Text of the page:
I've found in my temperature measurements the Zaffiro has about a 6-8F (2.5C) range tolerance in its thermostat; that is, the top of the cycle may be 200F (93.4C) (which you can adjust! A first for a single boiler / dual purpose boiler machine!) but the thermostat won't activate the boiler element until it reads 194F (90C). It's your call though - you won't see much difference in shot tastes unless your palate is as developed as a Dr. Joseph John or David Schomer. And you can also activate the steam switch for five seconds or so just to "top up" the temperatures if you like.

As mentioned above in the steaming "how to", the machine takes a long time to ramp up and get ready to steam (but it can take less than 18 seconds to do 7oz (210ml) of milk once it's ready). You can cheat this as well, steaming after about a minute's warm up time (bleed the wand at the start of the warm up, wait a minute, then purge a bit and steam). I've found it takes about 30 seconds to do 7oz, but the total time after brewing is around 90 seconds - far better than 170 seconds using the bleed / bleed / watch method mentioned in our Performance section.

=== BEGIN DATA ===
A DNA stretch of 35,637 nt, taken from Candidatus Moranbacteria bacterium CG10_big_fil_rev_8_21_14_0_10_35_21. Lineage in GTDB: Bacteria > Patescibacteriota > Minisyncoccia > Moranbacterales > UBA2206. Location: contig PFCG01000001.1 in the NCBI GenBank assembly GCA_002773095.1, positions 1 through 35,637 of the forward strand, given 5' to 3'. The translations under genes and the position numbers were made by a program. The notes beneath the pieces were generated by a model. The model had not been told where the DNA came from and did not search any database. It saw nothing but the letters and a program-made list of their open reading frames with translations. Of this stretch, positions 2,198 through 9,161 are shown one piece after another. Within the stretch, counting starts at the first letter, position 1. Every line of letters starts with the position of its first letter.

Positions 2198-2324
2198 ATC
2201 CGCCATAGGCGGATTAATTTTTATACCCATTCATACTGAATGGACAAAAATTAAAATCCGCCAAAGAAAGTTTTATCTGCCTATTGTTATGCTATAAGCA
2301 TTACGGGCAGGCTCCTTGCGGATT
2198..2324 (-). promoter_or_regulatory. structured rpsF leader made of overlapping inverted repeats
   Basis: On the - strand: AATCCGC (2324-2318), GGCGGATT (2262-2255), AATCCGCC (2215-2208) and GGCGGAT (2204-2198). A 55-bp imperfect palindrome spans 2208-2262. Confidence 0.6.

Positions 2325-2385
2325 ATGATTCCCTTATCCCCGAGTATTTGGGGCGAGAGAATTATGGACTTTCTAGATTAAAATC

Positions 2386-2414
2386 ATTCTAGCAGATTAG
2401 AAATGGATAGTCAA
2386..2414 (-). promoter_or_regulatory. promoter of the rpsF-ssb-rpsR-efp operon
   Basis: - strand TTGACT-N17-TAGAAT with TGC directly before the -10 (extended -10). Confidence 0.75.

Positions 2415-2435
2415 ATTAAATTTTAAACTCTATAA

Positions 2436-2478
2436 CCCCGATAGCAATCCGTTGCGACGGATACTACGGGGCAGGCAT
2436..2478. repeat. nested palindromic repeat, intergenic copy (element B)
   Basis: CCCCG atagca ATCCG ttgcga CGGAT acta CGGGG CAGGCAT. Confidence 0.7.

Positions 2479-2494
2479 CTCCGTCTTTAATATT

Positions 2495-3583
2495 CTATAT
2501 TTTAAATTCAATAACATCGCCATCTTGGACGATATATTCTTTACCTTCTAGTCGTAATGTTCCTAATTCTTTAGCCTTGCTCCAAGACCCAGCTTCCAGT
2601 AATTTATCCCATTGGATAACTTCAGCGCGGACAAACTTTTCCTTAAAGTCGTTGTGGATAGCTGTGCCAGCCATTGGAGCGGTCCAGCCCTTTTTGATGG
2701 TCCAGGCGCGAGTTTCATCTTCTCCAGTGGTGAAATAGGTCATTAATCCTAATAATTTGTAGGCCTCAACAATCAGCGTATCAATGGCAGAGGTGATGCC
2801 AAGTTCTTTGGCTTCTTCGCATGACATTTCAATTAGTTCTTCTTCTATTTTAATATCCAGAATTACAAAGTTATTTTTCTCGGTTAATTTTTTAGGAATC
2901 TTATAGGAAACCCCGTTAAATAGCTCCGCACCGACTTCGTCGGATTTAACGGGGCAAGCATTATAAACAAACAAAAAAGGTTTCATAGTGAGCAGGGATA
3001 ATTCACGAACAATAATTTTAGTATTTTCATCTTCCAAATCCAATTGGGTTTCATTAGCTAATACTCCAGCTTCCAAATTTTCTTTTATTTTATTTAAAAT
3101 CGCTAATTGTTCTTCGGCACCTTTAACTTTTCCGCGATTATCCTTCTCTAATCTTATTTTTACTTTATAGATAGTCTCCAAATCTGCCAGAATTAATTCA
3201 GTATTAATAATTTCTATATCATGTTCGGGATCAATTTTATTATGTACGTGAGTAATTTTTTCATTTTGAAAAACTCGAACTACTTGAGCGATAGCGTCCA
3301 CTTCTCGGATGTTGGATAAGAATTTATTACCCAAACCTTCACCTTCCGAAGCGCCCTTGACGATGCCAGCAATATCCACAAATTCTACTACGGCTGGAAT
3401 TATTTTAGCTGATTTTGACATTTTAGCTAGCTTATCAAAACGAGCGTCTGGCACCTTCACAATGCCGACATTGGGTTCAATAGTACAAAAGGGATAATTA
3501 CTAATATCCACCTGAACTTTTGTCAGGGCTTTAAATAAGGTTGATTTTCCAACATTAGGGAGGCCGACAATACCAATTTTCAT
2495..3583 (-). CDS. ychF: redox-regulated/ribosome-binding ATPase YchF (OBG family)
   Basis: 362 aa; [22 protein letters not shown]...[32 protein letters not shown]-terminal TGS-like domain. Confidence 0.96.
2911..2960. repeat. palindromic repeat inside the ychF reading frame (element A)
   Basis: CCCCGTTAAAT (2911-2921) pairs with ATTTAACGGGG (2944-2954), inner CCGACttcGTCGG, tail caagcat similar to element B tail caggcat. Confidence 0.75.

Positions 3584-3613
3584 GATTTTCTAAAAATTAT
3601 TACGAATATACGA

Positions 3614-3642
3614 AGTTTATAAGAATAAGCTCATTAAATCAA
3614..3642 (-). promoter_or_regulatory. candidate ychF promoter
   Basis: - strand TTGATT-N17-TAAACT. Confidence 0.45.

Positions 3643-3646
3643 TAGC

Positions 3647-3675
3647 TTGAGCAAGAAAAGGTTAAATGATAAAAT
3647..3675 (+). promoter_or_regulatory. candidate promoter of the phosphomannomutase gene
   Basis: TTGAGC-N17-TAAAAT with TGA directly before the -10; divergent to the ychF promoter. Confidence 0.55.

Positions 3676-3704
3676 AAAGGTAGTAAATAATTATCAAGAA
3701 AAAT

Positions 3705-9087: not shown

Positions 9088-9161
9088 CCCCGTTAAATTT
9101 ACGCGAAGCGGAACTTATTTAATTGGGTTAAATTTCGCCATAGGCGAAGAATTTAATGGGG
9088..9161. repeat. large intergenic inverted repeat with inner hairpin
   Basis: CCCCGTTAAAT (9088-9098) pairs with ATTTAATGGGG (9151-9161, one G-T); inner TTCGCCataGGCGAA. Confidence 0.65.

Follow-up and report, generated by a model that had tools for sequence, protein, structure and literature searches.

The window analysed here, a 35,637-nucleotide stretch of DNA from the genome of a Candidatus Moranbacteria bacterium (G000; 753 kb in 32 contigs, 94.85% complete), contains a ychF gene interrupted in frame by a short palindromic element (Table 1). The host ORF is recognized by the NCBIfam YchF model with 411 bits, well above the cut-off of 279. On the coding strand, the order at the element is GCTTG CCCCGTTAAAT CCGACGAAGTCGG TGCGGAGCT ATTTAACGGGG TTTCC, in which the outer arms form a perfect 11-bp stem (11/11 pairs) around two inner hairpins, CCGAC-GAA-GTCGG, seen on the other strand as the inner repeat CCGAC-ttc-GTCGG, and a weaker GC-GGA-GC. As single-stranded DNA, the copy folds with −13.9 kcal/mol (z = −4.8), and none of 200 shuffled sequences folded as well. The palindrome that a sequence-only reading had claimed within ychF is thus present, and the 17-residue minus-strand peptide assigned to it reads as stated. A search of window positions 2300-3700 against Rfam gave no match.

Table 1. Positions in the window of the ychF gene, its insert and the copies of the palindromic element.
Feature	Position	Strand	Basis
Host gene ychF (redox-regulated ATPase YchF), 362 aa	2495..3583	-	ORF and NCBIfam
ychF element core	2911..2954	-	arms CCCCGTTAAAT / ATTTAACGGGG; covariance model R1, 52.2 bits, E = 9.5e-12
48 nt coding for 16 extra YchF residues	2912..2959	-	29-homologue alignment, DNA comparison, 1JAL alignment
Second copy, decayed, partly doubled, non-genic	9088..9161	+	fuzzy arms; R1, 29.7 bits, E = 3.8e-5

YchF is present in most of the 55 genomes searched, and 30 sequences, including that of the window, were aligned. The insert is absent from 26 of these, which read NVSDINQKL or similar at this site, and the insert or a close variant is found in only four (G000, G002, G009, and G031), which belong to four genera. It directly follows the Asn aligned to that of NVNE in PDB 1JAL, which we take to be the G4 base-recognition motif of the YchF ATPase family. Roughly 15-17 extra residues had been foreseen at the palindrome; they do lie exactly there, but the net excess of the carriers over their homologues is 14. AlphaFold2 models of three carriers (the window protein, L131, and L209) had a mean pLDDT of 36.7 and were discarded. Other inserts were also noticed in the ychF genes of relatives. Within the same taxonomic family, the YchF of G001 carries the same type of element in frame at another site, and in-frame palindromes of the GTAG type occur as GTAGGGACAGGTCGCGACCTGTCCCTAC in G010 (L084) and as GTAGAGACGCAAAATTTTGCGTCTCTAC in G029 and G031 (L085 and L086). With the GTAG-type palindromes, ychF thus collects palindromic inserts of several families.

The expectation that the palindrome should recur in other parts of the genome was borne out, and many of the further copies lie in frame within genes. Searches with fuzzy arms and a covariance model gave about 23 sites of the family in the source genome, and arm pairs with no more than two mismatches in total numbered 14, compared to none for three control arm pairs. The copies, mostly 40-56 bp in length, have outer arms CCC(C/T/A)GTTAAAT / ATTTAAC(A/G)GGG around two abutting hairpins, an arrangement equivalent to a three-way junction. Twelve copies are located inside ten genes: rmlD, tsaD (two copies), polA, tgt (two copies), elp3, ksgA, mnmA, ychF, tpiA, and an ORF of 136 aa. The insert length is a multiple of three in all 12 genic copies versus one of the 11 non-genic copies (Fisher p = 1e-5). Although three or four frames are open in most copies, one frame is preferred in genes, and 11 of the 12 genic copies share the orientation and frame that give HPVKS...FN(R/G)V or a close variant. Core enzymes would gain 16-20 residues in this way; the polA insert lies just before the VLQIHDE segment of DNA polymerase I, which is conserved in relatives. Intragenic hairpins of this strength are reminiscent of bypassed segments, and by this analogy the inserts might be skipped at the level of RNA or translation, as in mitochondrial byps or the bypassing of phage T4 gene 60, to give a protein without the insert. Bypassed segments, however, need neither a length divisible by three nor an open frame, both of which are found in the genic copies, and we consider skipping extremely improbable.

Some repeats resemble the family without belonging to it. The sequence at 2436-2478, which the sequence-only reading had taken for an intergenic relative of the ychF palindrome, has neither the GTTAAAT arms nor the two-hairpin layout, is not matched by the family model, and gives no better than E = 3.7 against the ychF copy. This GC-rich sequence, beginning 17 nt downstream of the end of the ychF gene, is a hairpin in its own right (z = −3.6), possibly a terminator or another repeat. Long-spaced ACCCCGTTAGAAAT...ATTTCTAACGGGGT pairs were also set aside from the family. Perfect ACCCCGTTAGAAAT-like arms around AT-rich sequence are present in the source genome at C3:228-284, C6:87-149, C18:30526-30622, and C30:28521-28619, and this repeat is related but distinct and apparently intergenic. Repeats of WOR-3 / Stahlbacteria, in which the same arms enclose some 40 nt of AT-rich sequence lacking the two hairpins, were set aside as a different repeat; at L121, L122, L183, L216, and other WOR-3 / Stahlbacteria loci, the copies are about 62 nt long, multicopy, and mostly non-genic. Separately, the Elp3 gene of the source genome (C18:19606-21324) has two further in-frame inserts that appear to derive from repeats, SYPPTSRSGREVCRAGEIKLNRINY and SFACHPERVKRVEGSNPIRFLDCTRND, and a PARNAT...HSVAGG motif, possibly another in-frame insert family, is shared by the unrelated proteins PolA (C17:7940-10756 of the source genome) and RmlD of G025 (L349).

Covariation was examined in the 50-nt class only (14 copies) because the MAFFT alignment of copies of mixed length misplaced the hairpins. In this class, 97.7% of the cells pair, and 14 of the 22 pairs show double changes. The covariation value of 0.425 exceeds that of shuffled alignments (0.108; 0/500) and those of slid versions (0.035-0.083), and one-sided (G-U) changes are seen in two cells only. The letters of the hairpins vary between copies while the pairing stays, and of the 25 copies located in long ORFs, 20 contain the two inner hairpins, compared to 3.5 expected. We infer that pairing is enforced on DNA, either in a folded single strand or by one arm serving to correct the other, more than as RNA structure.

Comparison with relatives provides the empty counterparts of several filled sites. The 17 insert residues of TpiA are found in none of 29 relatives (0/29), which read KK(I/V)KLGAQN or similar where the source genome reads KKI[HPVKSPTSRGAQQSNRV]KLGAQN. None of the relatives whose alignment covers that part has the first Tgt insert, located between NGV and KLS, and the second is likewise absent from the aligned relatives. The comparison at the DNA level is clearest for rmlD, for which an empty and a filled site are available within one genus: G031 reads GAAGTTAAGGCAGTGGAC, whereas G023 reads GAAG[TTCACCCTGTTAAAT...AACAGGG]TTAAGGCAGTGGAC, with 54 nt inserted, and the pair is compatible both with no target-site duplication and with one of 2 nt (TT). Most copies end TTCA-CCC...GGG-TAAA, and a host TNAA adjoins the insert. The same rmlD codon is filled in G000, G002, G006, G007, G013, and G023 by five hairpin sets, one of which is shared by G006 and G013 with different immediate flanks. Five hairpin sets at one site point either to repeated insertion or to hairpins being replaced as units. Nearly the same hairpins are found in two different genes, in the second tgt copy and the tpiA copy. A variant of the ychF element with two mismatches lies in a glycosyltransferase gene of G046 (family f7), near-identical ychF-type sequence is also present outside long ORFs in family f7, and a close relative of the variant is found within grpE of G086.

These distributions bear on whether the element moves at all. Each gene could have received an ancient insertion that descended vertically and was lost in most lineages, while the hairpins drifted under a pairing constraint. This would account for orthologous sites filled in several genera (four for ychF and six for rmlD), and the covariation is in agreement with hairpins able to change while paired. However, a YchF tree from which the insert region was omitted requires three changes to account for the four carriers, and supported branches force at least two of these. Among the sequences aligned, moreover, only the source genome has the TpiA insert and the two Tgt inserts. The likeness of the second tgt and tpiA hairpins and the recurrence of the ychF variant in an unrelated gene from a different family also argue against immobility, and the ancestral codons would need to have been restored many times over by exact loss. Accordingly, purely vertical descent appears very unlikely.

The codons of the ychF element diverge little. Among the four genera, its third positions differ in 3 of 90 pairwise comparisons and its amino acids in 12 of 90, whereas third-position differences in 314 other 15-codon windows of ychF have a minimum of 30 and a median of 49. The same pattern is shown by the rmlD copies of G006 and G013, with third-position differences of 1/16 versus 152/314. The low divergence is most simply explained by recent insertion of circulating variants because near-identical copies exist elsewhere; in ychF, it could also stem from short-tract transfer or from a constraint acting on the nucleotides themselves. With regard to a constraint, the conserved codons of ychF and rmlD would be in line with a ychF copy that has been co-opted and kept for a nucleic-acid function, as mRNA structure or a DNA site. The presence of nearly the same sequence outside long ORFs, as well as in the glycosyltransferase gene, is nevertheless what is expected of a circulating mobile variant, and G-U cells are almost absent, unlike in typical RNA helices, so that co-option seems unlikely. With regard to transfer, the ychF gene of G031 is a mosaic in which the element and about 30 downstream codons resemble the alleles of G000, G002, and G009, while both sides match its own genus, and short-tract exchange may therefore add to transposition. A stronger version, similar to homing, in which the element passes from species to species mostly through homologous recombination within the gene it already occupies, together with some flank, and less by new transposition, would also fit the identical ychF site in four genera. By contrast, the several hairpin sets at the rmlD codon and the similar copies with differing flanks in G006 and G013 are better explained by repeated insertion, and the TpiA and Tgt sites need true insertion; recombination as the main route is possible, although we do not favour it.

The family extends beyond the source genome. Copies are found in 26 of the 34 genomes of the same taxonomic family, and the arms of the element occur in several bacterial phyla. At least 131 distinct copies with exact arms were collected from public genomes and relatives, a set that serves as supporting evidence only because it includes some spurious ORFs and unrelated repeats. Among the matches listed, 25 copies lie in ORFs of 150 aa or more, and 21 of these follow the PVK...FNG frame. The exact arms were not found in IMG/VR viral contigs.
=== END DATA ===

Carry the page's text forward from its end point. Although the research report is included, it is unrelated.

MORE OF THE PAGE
There's another trick to getting "better "cappuccinos - make sure your cappuccino cup is blistering hot - as much as 170F (75C) or hotter. You can do this by having it in a water bath of boiling water (the World Barista Champions (WBC) and competitors do this!), or filled to the rim with boiling water which you dump just before brewing. This will aid in keeping the espresso exceptionally hot during the "wait" time. And keep this in mind - in WBC competitions, with a dual boiler La Marzocco machine with 3 and 4 groupheads, some espresso in the cappa cups will sit for as long as 45 seconds or longer before the Barista pours the milk in.

With all this said, it's important to note the Zaffiro is essentially an espresso purists' machine - its performance and ability is definitely slanted towards brewing exceptional espresso, and in that regard it is the tops - the only machine in my stable that does better is the La Marzocco Linea professional machine.